Internet use appears to cause a decline in psychological well-being, according to research at Carnegie Mellon University.
Even people who spent just a few hours a week on the Internet experienced more depression and loneliness than those who logged on less frequently, the two-year study showed. And it wasn't that people who were already feeling bad spent more time on the Internet, but that using the Net actually appeared to cause the bad feelings.
Researchers are puzzling over the results, which were completely contrary to their expectations. They expected that the Net would prove socially healthier than television, since the Net allows users to choose their information and to communicate with others.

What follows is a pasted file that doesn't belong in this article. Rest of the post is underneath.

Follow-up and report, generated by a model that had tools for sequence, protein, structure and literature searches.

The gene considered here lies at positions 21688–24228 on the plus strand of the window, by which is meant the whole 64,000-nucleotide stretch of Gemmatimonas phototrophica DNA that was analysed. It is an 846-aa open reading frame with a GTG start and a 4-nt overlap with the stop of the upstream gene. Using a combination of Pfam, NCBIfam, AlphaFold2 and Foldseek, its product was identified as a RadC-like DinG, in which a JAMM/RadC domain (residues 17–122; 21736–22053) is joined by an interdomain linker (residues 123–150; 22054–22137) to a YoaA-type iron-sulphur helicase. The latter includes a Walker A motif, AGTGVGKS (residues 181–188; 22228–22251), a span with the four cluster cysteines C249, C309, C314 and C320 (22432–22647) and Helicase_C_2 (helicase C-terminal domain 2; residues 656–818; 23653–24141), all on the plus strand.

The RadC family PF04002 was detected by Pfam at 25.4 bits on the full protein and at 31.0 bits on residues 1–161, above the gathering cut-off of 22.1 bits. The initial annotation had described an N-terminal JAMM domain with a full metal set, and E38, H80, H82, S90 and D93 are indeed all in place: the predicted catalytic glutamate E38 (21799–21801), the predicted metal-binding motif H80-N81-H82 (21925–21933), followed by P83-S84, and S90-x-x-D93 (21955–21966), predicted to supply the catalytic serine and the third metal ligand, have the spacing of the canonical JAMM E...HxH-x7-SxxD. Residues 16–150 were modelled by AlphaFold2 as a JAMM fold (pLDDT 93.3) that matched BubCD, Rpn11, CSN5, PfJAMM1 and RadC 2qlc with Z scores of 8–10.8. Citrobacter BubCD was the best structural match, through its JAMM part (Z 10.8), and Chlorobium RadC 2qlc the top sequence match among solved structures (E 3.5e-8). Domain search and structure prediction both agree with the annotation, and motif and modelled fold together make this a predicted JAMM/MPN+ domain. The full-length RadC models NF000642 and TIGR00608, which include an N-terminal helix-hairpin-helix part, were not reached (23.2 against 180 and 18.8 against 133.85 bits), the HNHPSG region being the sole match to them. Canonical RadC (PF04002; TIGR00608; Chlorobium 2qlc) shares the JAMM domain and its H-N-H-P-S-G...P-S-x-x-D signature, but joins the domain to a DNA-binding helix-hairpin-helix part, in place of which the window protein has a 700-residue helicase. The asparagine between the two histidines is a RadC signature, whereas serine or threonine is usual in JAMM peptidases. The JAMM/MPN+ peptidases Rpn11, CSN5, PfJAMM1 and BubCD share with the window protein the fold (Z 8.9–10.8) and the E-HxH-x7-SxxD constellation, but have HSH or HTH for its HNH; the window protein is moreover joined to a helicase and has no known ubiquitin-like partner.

The fact that Internet use reduces time available for family and friends may account for the drop in well-being, researchers hypothesized. Faceless, bodiless "virtual" communication may be less psychologically satisfying than actual conversation, and the relationships formed through it may be shallower. Another possibility is that exposure to the wider world via the Net makes users less satisfied with their lives.
"But it's important to remember this is not about the technology, per se; it's about how it is used," says psychologist Christine Riley of Intel, one of the study's sponsors. "It really points to the need for considering social factors in terms of how you design applications and services for technology."